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BLink turns 5

Different eyes

Numair A Choudhury | Updated on January 18, 2019

He was healthy for a villager — his skin stretched smoothly over a frame hardened to blackness with field work. With his calloused hands, he could pick up burning embers in winter, and toss them around playfully. If necessary he could go for days on a handful of rice — his organs were compact and efficient; minutely adjusted over the years to waste the least energy. His blood, thick and salty, enabled him to work long hours in the heat. Despite all his roughness, Abdul’s handsome face still had a soft quality to it. The frailties of a compassionate upbringing were etched into his very smile; the gentle way he spoke; the liquid of his eyes. His children were bold, but full of laughter, their skin unblemished from beatings. He had never been known to hit his wife, even in the privacy of their mud shelter. Abdul behaved as though someone had just put a newborn baby in his arms to take care of.

He was sitting now, under the large jackfruit tree that sheltered their hut from monsoon storms. For the past nine harvesting seasons, he had kept his annual accounts on the bark of this tree. Each of the nine squares on the trunk represented a block of life, enclosing sweat, anguish and hopes. There were straight lines to represent every 1,000 takas borrowed, and curved ones to record payments. This year the straight lines were too many; scratched in close together, they were a compact mass of apprehensions. Abdul could only count to 10, so after one count, he started another. Three more. The crops would bring in around 10,000 takas; so he was at least 3,000 short. Besides, he needed money for his family.

But times were not difficult for everyone. And politicians, for one, did not agree on the state of the nation. They had started flocking to the villages as the time for elections was drawing near. Some came in the green government jeeps and others in an assembly of private cars. The jeep-people would talk of a prospering economy and the new grain houses that were being built. The others would decry the state of the nation and appeal to the people to resist the present government. But the hungry villagers saved their energy. They had seen far too often how these angry politicians changed their talk once they were the ones sitting in the dark cool of the air-conditioned jeeps. Then they would shield themselves behind tinted glass, hiding their betrayal.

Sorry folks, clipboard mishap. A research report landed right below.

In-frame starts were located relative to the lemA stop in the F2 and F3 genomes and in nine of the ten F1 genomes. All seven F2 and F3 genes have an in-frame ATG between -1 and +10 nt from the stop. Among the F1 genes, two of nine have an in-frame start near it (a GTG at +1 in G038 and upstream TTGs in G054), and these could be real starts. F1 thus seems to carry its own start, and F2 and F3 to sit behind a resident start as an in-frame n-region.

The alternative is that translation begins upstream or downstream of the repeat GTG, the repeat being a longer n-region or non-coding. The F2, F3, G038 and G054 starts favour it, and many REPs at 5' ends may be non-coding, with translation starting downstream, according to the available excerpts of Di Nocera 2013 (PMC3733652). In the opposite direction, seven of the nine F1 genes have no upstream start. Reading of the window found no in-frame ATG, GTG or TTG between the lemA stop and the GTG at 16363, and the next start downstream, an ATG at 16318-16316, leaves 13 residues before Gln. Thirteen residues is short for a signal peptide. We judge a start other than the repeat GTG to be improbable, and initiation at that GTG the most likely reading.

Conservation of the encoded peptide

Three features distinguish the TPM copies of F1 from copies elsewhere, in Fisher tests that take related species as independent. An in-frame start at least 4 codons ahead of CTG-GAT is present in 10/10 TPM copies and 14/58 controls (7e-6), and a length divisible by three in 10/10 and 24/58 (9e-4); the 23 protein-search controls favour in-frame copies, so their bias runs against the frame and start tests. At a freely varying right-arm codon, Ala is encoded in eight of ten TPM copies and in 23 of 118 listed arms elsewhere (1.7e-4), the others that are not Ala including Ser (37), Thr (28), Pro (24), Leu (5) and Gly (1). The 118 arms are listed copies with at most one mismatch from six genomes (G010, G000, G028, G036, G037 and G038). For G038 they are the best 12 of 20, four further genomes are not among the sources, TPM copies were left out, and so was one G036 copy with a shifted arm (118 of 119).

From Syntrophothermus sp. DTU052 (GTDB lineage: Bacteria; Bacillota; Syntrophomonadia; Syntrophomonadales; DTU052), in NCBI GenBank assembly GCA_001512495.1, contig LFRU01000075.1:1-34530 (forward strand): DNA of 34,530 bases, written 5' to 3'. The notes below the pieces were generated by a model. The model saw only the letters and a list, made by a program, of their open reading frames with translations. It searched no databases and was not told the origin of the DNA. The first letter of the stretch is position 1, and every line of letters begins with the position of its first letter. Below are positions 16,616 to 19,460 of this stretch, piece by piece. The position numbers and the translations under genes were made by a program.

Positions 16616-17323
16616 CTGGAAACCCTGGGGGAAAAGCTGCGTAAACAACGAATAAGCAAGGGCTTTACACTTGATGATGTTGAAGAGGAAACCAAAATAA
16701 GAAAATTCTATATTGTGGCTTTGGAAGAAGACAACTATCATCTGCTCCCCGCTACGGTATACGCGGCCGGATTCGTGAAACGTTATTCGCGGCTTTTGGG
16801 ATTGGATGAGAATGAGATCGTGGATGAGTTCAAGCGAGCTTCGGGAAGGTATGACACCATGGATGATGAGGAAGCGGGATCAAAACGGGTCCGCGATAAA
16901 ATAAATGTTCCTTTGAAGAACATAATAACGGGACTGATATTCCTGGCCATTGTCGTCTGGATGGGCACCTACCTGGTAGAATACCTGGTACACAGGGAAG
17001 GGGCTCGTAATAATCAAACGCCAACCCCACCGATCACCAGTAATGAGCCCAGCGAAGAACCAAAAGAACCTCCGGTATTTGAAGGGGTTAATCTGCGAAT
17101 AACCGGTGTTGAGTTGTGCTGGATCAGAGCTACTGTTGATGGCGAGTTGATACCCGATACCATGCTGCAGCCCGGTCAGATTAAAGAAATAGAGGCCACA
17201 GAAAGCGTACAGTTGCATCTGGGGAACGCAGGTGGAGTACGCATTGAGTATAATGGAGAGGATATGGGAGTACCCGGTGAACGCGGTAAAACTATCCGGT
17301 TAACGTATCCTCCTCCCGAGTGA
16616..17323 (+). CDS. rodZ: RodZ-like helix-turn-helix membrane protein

In the village, some had done well, but others poorly. But the hungry were not the loud ones, they were too crushed to speak harshly. Their protest was framed in shrivelled bodies and reflected in dusky eyes. Only the rich would drone on about their hardships, as if their voices could blind others to filled out cheeks and soft, sugar fingers.

As Abdul stared at the lines, grasping at what they meant and where they came from, he realised that understanding them meant nothing. They were not going anywhere; even the ones from seven years ago looked as fresh and as deep as those he had carved this winter. Little flints of wood stuck to his fingers as he ran his skin along the edges. The shreds pierced his flesh, reluctant to fall away. The moneylenders would not disappear either, they would be coming soon to collect their dues. He knew that this year, they would not give him more time. Three of his friends had already been killed for not paying. Unless he found a way to raise money, his turn was soon. Their long game of pretending would end. He would no longer have to pretend that he had a chance of paying the money back and they would stop pretending to believe him.

Abdul had figured out their game after his third crop cycle. When the lenders sat with him and calculated the money he owed them, he could tell that it would never be possible to pay. His father had died leaving him four acres of arable land; he currently owned less than one. Even that was now in danger of being taken by the lenders.

Abdul thought of what Fakrul from the neighbouring village had told him. The day had come when the rich could buy body parts from the poor. And the poor could live on, incomplete, but still alive. Fakrul said hospitals in the city would pay 5,000 takas for a healthy eye. For one eye! What need did someone like him have for two working ones? That money would be enough to release him from his trap. He would never have to scratch another line. The tree would grow without a single new scar.

And what did one eye mean? When there was dirt in one, he could still walk straight and reach for the stalk by his foot. Abdul put a hand in front of his right eye, things were still clear. There was a little gone from each side, but how were these corners worth? Did they matter to one as poor as him? It is not as though he had wealth to look upon. These corners were not worth more than land.

But Rohema would never let him do it. She was much too tender to accept these things. She was tenacious enough in other ways though. Abdul had noticed that she was selling her most precious trinkets. He had not seen her glass bangles in a long time. Her small face mirror was also missing. Maybe she was afraid of herself now, who would want to see a hungry face staring back? He did not want this any more, it was his fault that his wife was ashamed of herself. He would have to do it without telling her. Eyes did not last forever, and his were already losing their strength. But land stayed.

He would have to speak to Fakrul.

 

Numair A Choudhury’s debut novel Babu Bangladesh will be published by HarperCollins. He passed away in an accident in 2018

Published on January 18, 2019

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